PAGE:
|Table 2. Examination times (from begin examination to complete). (Click the image for a larger version.)|
Examination times (Table 2) have also decreased since DR implementation, although this reduction has been somewhat less dramatic at 17%. Nonetheless, the drop in examination time has persisted despite a substantial increase in examination volume (from 4,398 to 5,421 per quarter) and a 25% reduction in staffing levels. For the 18 months before DR was installed, the average time that elapsed between the beginning and end of an examination was 12 minutes. This was reduced to an average of 10 minutes during the year following completion of the conversion to DR. For the most recent reported quarter, 80% of studies were completed within 5 minutes, as compared with 69% at the beginning of the project.
|Table 3. Patient throughput times (total time spent in the department). (Click the image for a larger version.)|
Total patient throughput time (Table 3), defined as the time that elapsed between the patient’s initial arrival in the radiology department and his or her departure after the examination had been completed, decreased 32% following the installation of the outpatient department’s three DR systems and the completion of the other three process changes recommended by the center’s staff. Before the first DR unit was installed, the average throughput time was 27 minutes. After the third unit was installed and the parallel film-based system was largely abandoned, the average throughput time decreased to 18 minutes. It should be noted that the facility continues to print film for orthopedic examinations, but is otherwise operating in a filmless environment.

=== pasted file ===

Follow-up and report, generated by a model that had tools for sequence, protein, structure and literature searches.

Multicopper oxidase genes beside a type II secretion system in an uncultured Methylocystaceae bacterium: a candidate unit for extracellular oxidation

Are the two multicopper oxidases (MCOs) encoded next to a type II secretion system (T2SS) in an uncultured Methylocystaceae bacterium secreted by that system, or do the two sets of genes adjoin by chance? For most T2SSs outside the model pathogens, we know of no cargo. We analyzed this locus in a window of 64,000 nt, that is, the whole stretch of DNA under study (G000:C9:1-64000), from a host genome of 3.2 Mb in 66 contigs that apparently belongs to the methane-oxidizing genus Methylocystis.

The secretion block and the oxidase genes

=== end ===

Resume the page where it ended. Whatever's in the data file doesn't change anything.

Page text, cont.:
|Table 4. Cost savings. (Click the image for a larger version.)|
In 2003, the outpatient radiology center had a repeat examination rate of 7%, accounting for 580 extra sheets of film per year (Table 4). The ability to manipulate images after acquisition, provided through the installation of DR, has minimized the need to repeat studies and has, therefore, decreased the facility’s film costs. In addition, the decision to stop printing film for nonorthopedic examinations (which account for slightly less than half of the outpatient center’s procedural volume) will save a projected $59,000 in film costs for 2005. This allowed us to shift staff that was needed in other areas of the department. An additional savings of $5,750 per year is attributed to the ability of the center’s three DR units to handle the procedural volume that formerly required four radiology rooms. The room that was freed by the conversion to DR is now employed by the hospital for another purpose.
These results constitute a considerable improvement, and the satisfaction levels of both physicians and patients have increased as a result. At present, ongoing monitoring of satisfaction levels indicates that 97% to 98% of the outpatient radiology center’s patients and their referring physicians are satisfied. It is also gratifying to the center’s staff that they are no longer called upon routinely to deal with patients who are angry because they have waited so long.
Todd Stanley, MBA, RT, is director of radiology, Indiana University Hospital, Indianapolis.